IN A FORMAL, TRADITIONAL, and somber-toned room, Judge Ketanji Brown Jackson stood for her first official portrait. Wearing all black, she posed before a black backdrop and studio lighting, the trappings of contemporary photography temporarily inserted into the White House complex space, literally disrupting history.

The Senate confirmed Jackson to the U.S. Supreme Court on Thursday, April 7. The vote was 53 to 47, with all 50 Senate Democrats (including two independents who caucus with the party) and three Republican voting in favor of her appointment. Her thinly bi-partisan confirmation is historic. In June, when Jackson is sworn in as an associate justice, she will be the first Black woman to serve on the nation’s highest court.

 


On Friday, the White House released Ketanji Brown Jackson’s first official portrait, photographed by Lelanie Foster. On Instagram, Foster posted the portrait and captioned it: “It was an honor, your honor. Today we made history.❤️ #KBJ.”

 

A young Black photographer from the Bronx, N.Y., Lelanie Foster captured her portrait on Friday morning. Wearing a determined and confident expression, Jackson looked away from the camera, gazing up and to the left, eyeing progress.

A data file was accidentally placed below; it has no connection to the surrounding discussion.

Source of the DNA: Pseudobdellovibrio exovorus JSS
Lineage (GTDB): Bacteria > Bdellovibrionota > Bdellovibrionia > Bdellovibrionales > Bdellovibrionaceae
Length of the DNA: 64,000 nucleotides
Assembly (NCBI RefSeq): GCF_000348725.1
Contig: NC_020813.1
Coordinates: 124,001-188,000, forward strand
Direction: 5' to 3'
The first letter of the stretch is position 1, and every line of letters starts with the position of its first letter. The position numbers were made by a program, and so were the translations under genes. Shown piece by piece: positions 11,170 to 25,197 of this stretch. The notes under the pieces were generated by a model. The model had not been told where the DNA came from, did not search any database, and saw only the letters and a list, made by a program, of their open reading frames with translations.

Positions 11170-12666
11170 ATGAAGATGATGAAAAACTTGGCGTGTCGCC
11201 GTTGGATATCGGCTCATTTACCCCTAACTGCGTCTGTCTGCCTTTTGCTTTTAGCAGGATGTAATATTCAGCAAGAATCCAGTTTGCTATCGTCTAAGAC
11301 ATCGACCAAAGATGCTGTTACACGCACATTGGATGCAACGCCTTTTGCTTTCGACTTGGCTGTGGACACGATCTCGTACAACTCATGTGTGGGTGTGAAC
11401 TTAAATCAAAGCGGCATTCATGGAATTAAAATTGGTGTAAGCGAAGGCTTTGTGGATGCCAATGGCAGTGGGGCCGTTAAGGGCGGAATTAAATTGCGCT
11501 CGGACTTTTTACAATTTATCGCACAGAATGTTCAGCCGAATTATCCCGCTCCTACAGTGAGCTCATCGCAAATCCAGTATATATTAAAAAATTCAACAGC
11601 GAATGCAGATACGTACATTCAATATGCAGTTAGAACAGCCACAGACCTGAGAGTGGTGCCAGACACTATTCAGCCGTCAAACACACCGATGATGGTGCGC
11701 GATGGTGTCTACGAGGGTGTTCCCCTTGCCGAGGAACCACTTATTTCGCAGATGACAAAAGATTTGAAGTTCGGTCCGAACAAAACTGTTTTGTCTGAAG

The opportunity was a “beautiful experience” for the photographer. “I definitely had an ‘Oh my God’ moment, and then the honor and gratitude and all the other emotions followed. The pressure was on to get an iconic shot!” Foster told Vogue.

After the portrait session, Jackson joined President Joe Biden and Vice President Kamala Harris on the South Lawn of the White House to be formally introduced to the nation and make her first public remarks since her confirmation. “It has taken 232 years and 115 prior appointments for a Black woman to be selected to serve on the Supreme Court of the United States. But we’ve made it. We’ve made it, all of us. All of us,” Jackson said to applause.

“I definitely had an ‘Oh my God’ moment, and then the honor and gratitude and all the other emotions followed. The pressure was on to get an iconic shot!” — Lelanie Foster

Foster’s portfolio is overflowing with powerful portraits. Woman are the subject of her most recent work. The assignment with Jackson followed a project that came about because of her news-making nomination. Foster photographed women from the Harvard Black Law Students Association for the New York Times.